Since Abbé Pierre’s appeal in 1954, alerts have been piling up about poor housing in France. In 2020, in its 25th report, the Abbé-Pierre Foundation estimated that 4 million people were still in a situation of poor housing, a situation worsened due to the health crisis causing millions of people to fall into poverty. From emergency food aid to social minima, all sectors of social action are seeing new profiles of households in difficulty. The issue of housing is no exception.
The National Agency for Housing Information (Anil) noted, in November 2020, an increase in consultations on unpaid rent situations of around 50% compared to November 2019. The City of Paris is however planning a decrease of subsidy from its departmental agency (Adil) of 25% in 2021. And the situation will worsen, while households see their savings melt and businesses go out of business. In addition to the massive increase in support needs, there is the non-recourse to existing aid, because the many households that enter into poverty face a lack of information and must also overcome great psychological distress and the symbolic barrier of recourse to social assistance.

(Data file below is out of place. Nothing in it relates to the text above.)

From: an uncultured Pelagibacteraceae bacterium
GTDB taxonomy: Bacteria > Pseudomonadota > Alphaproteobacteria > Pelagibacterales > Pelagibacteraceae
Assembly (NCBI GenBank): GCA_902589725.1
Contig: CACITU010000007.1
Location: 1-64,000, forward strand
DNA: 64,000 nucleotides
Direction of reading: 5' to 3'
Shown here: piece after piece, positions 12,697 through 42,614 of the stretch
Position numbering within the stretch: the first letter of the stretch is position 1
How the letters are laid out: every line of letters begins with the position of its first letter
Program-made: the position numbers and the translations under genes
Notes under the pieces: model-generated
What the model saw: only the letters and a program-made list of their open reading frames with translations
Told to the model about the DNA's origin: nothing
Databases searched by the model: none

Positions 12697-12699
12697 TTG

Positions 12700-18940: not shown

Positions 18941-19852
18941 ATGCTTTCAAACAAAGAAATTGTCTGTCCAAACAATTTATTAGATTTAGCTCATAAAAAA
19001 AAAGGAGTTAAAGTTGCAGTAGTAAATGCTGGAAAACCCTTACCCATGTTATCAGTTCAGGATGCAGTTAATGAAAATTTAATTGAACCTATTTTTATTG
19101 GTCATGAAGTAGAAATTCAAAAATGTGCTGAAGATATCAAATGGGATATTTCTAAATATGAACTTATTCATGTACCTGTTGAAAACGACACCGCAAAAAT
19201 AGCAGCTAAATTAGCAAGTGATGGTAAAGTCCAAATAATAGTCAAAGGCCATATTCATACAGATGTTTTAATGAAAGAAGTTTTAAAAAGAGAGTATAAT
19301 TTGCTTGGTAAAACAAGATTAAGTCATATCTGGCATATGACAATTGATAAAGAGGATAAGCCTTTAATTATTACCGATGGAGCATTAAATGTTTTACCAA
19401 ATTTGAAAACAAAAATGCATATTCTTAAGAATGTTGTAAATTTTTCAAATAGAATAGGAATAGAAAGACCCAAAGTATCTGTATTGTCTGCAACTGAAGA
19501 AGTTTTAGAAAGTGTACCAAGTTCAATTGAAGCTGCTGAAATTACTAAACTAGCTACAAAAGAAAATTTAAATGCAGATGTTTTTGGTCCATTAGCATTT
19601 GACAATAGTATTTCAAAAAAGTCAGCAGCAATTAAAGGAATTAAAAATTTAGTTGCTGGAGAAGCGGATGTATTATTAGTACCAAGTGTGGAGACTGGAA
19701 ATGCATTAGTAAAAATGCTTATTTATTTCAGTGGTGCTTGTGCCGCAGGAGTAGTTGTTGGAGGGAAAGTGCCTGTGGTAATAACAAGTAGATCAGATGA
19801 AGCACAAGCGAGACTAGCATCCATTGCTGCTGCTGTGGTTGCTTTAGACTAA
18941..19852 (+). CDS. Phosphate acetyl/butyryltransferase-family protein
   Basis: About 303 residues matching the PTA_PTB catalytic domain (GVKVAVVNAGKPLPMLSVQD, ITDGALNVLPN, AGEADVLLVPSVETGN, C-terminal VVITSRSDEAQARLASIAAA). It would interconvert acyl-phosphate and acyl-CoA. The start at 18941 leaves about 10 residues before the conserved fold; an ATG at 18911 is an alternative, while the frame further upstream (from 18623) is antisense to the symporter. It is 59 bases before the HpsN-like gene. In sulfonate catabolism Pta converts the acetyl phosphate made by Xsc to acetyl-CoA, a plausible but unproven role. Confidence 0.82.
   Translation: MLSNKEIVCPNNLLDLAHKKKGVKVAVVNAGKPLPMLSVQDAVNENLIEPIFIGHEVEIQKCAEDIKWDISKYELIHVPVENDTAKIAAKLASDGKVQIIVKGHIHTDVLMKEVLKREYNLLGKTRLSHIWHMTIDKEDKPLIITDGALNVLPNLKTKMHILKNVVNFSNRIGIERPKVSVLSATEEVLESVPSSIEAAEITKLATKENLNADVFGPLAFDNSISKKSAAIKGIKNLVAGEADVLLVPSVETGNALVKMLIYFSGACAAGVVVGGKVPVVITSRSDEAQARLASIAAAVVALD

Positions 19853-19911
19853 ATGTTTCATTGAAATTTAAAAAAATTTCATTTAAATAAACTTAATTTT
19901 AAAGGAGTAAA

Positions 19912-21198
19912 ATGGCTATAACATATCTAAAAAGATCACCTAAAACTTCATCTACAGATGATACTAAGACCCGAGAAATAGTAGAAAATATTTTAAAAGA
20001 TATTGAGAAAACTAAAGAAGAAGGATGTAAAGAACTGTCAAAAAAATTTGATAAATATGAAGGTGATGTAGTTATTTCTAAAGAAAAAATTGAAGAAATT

For these new precarious people and all the poorly housed, while the City and the State have been transferring responsibility for decades, we ask that priority be given to prevention. In this exceptional period in all respects, the state must first extend the winter break after March 31.
We also hope that the recommendations of the National Housing Council will be implemented without delay, in particular the increase of the compensation fund for owners to limit rental evictions and a consequent revaluation of the Solidarity Fund for housing ( FSL), to avoid eviction procedures for bad debts.